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Why switch to drawing everything 3D?10/12
I work for a high end residential millwork company. We are currently conducting a study to see if switching everyone to a 3D program makes sense for us. We currently draw in Autocad but don't think Autocad 3d is for us. We do currently draw projects 3d when it makes sense to. Is there anyone out there that draws everything 3d (not just boxes)? And if so, what program are you using?
Autodesk Inventor (though Fusion 360 is a good contender too). It requires a fair bit of setup for your standard sketch blocks/ifeatures/connector library/iAssemblies/etc to be efficient for repeat things like cabients/die walls/etc. But having built in bill of materials/cutlist and intelligent parametrics is pretty fantastic. Also depending on your machinery setup HSM for doing your CAM is an option.
There are other things out there like microvellum and wood cad/cam if you want to stick in the world of AutoCAD that have less customization required up front, but at least in my personal opinion Inventor is way more flexible in the long run.
I am curious as to why you think 3d AutoCad will notwork for you? What is it you do not think 3d AutoCad is not able to give you?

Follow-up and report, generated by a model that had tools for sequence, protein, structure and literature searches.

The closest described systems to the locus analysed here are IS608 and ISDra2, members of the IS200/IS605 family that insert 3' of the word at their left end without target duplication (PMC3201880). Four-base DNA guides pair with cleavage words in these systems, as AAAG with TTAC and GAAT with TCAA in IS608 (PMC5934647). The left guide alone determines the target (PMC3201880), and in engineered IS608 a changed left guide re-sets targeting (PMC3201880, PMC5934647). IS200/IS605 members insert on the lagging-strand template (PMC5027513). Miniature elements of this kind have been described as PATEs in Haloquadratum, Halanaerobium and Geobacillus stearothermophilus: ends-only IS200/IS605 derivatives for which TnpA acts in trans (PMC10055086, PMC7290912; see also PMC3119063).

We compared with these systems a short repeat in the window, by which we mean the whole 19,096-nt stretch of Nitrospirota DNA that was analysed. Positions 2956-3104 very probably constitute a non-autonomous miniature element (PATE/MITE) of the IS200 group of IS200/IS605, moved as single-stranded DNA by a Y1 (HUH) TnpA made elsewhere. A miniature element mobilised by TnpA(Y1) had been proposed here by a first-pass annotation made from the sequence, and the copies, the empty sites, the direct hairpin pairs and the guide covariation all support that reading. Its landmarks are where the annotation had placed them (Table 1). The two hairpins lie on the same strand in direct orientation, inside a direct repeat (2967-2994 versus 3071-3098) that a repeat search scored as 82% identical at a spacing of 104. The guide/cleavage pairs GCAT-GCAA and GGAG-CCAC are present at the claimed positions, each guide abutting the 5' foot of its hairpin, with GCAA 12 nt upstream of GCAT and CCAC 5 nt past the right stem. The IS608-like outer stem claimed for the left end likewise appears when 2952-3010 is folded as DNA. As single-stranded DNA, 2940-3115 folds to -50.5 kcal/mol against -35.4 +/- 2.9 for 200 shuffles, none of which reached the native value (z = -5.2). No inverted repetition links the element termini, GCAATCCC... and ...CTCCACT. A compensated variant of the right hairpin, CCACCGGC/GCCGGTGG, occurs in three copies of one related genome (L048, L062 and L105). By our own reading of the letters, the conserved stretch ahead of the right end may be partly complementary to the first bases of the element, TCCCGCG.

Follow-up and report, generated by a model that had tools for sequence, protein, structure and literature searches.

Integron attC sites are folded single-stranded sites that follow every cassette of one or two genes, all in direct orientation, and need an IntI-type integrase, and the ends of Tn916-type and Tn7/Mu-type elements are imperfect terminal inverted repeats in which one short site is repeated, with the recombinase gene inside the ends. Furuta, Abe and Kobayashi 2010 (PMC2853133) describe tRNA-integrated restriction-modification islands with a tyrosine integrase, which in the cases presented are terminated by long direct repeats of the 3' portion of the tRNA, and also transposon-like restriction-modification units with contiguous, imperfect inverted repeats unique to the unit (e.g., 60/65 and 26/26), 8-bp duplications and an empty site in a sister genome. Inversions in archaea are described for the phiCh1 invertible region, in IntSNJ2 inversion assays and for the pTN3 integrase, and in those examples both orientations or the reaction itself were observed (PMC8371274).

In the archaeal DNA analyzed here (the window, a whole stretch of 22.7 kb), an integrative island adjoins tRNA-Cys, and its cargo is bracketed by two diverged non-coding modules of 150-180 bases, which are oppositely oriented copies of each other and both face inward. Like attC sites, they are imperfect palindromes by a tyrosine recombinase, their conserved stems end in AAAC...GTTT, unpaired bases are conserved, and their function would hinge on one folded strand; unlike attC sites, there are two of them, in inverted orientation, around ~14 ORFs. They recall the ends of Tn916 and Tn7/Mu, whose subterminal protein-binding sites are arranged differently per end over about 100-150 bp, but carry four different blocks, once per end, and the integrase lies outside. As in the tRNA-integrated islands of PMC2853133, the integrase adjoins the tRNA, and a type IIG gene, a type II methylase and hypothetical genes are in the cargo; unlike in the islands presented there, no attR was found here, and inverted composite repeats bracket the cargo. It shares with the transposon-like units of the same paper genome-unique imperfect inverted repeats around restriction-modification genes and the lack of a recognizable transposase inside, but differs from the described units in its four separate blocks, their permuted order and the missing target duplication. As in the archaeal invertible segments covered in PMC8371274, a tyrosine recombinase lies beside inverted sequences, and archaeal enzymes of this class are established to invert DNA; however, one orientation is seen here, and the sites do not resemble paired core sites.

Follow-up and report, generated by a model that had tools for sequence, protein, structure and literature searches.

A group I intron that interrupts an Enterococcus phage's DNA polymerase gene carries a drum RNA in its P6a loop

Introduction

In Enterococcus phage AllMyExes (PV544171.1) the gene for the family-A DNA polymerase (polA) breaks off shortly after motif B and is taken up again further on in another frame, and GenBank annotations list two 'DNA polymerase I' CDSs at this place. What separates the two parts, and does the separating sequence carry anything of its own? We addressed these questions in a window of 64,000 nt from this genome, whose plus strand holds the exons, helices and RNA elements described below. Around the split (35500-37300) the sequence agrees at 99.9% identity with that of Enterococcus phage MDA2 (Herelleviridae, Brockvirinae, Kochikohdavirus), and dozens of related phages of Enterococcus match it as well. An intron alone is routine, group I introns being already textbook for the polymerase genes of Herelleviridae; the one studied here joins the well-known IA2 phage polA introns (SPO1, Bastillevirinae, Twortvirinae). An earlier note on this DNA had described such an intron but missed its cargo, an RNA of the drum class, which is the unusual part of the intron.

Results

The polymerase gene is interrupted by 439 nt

I have drawn in 3d AutoCad for over 10 years now. The transition from 2d to 3d, I did not find difficult. The advantages I find with drawing in 3d are plenty. Just in terms of drawing. If I need 3 elevations (side, front and top), an isometric view or 2, and plan section and 2 cross sections. All those views for my drawing can be done with one 3d assembly. I do not have to draw each of those separate views as an independent item in my drawing. If my cabinet stretches a couple inches I have a add-on to stretch the 3d assembly and all my view are updated. Thus I only made the change in one place and elevations, iso and section views update based on my 3d assembly. In 2d all the affected views need to be updated in the drawing making for editing in multiple spots.
Beyond just the drawing side, 3d will also allow you to retrieve additional information from your 3d assembly than one can from a 2d drawing. In our shop, we export a cutlist and create part drawings for our cnc. This requires additional software working with AutoCad.
We draw completely in 3D and as an aside to the OP Im wondering what those of you who do draw in 3D are getting for a response from your commercial contractors?
I have always been concerned that they are so accustomed to seeing 2D shop drawings for instance that they will recoil a bit to the 3D shops. I havent found this first hand but also havent gotten a lot of feedback to this point.
How do you handle feeding shops to your customers when you draw in 3D? Do you keep all your shops in the traditional 2D style? Or do you go full on with 3D?
I find personally that drawings of any kind are more intuitive when they are 3D and of course you can use sections and 2D views to get back to the old way but I find 3D drawings to be leaps and bounds ahead of what we have always dealt with in the past.
Switching to a digital platform with 3D programs is about improving your business. Design accuracy, product improvement, cost estimation, engineer efficiency are the few of the impacted areas of switching to a 3D platform.
Why 3D Modeling?